GOP chairman yanks Saudi bill after Democrats muscle through tougher language

GOP chairman yanks Saudi bill after Democrats muscle through tougher language
© Aaron Schwartz
Senate Foreign Relations Committee Chairman Jim RischJames (Jim) Elroy RischSchiff sparks blowback with head on a 'pike' line Senators ask FDA to crack down on non-dairy milks, cheeses MSNBC's Chris Hayes knocks senators for ducking out of impeachment trial: 'You can resign' MORE (R-Idaho) pulled his Saudi Arabia bill off the panel's agenda Thursday after Democrats muscled through changes that included a tougher crackdown on Riyadh.
 
 
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"It's no longer my bill. I will be withdrawing my bill," Risch said during the Foreign Relations Committee business meeting, stressing that his decision wasn't "sour grapes." 
 
"This was a fair fight. Everybody had their say. Everybody knew what they were doing here," Risch told reporters after the meeting.
 
Risch's Saudi Arabia policy bill would force a “comprehensive review” of the U.S.-Saudi relationship, in addition to denying or revoking visas to members of the Saudi royal family who serve in the Saudi government in positions equivalent to a deputy secretary or agency chief.
 
But Democrats argued the measure lacked mechanisms that would force the administration to crack down on Saudi Arabia over the years-long Yemen civil war and the death of Washington Post contributor Jamal Khashoggi.
 
Sen. Tim KaineTimothy (Tim) Michael KaineKaine: GOP senators should 'at least' treat Trump trial with seriousness of traffic court Senate Dems to Pompeo: Comments about NPR reporter 'insulting and contemptuous' Iran resolution supporters fear impeachment will put it on back burner MORE (D-Va.) argued that if Trump was unwilling to punish Saudi Crown Prince Mohammed bin Salman, who most lawmakers believe signed off on Khashoggi's killing, Congress had to act on its own.
 
"This is one where we got to do what we got to do," Kaine said during Thursday's meeting.
 
 
"The president seems incapable of condemning the crown prince's actions," he said. "When the president won't act, we must."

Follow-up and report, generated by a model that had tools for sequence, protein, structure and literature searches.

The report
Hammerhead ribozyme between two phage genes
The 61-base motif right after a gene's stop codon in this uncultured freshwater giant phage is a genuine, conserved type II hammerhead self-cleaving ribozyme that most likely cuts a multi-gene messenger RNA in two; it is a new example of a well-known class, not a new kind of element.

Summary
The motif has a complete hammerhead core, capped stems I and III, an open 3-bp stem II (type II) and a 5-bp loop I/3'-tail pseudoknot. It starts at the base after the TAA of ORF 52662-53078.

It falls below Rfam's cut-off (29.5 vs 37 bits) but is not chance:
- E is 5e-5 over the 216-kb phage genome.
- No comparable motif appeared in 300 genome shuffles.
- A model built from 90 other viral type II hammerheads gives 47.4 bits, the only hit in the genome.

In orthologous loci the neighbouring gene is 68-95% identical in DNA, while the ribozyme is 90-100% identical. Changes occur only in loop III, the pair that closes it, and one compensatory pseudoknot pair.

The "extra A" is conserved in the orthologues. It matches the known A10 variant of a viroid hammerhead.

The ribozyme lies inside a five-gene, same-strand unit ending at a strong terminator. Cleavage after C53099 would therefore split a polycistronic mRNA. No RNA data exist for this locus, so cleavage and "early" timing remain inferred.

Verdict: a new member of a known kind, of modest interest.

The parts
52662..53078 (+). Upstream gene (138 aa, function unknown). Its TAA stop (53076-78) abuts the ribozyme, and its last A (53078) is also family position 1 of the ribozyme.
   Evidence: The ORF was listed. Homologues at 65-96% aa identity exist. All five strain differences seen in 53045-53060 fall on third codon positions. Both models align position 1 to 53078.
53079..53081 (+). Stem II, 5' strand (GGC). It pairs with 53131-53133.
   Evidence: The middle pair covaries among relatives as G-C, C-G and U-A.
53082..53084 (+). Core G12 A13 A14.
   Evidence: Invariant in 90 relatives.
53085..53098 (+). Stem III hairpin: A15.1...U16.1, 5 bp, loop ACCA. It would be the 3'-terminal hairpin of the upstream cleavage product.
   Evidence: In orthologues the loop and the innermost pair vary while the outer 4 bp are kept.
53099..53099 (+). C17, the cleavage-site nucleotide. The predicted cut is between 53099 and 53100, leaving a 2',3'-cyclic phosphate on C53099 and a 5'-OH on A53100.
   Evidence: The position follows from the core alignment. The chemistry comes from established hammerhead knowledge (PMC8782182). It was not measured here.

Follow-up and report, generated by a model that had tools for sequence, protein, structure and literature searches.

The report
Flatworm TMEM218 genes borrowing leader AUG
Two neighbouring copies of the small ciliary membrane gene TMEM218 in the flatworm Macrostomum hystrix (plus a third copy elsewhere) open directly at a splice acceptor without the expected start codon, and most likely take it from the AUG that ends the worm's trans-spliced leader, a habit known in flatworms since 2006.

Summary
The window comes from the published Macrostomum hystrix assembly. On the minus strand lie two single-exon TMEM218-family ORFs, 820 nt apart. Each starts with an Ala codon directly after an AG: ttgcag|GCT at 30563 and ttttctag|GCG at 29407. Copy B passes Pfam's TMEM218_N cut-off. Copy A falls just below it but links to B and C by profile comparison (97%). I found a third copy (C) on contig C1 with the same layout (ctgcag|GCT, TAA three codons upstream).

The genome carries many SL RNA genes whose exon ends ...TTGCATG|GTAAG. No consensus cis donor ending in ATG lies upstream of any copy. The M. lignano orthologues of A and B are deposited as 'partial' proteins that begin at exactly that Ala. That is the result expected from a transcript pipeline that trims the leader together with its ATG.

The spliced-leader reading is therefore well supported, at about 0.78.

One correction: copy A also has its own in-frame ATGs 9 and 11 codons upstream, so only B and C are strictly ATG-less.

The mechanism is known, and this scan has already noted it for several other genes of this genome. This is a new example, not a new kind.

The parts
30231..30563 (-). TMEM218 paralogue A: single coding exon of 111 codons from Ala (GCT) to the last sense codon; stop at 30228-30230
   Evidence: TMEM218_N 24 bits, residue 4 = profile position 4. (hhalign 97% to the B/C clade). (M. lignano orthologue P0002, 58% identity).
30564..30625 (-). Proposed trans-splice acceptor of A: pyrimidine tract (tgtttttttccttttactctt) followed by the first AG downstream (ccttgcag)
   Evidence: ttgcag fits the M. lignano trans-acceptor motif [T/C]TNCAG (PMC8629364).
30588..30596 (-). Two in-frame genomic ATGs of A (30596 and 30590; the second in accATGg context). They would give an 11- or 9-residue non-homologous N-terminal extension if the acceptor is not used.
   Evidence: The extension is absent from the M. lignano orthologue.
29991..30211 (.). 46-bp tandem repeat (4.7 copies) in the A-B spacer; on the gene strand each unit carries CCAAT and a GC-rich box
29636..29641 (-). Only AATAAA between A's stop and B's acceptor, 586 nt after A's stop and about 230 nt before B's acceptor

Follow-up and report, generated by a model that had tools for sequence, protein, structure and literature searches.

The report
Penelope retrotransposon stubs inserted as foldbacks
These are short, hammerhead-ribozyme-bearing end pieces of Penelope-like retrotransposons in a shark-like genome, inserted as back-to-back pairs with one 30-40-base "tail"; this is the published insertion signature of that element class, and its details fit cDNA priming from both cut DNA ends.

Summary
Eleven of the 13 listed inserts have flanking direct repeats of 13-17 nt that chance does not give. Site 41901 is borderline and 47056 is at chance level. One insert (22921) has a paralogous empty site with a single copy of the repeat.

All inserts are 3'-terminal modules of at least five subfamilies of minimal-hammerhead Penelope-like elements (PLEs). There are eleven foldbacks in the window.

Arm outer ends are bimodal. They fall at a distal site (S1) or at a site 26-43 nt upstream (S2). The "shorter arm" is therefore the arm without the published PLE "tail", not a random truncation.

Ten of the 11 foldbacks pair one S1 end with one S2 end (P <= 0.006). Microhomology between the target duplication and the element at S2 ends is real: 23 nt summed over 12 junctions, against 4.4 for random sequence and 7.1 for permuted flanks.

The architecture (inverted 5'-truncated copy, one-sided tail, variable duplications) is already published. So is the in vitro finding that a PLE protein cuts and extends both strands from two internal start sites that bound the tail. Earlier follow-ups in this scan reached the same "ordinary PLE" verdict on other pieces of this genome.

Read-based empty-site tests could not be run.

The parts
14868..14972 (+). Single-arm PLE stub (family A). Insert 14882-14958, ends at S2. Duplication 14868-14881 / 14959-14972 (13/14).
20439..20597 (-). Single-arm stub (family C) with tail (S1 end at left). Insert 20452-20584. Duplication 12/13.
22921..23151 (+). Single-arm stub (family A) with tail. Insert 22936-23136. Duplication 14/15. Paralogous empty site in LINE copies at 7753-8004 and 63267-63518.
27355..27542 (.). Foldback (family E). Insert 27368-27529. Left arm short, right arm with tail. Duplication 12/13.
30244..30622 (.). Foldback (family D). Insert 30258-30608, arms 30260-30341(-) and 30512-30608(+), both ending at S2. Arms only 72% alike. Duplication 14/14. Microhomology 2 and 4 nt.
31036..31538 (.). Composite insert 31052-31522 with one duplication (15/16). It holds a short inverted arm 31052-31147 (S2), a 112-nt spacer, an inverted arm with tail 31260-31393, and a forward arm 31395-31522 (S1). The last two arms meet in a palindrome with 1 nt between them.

Menendez has put forth competing legislation.
 
His bill would require sanctions within 30 days on anyone involved in Khashoggi's death, including “any official of the government of Saudi Arabia or member of the royal family” determined to be involved. The measure also would suspend arms sales to Saudi Arabia.
 
The decision by Risch to withdraw his own legislation, effectively ending any chance that the Senate will vote on Saudi-related bills, caps days of tensions among members of the Foreign Relations Committee about how far to push the administration to crack down on Saudi Arabia.
 
Democrats had been expected to try to force the Menendez bill, which he co-wrote with Sen. Todd YoungTodd Christopher YoungRestlessness, light rule-breaking and milk spotted on Senate floor as impeachment trial rolls on Impeachment trial forces senators to scrap fundraisers Iran resolution supporters fear impeachment will put it on back burner MORE (R-Ind.), onto Risch's legislation, but it was unclear how the GOP chairman would respond.
 
Risch, after the meeting, signaled that the Senate's work on Saudi legislation was effectively over.
 
"It can't become law, we're all spinning our wheels here," he said. "This is over. … It is what it is."
 
The Senate Foreign Relations Committee voted to pass Menendez's bill as a stand-alone measure, but Risch vowed after the meeting that it wouldn't get a floor vote.
 
"The objective was to give the committee the alternative of either doing something where they could participate in the formulation of foreign policy or set that aside and just do messaging," Risch said. "They chose to do the messaging … but that cedes the formation of policy totally to the second branch of government."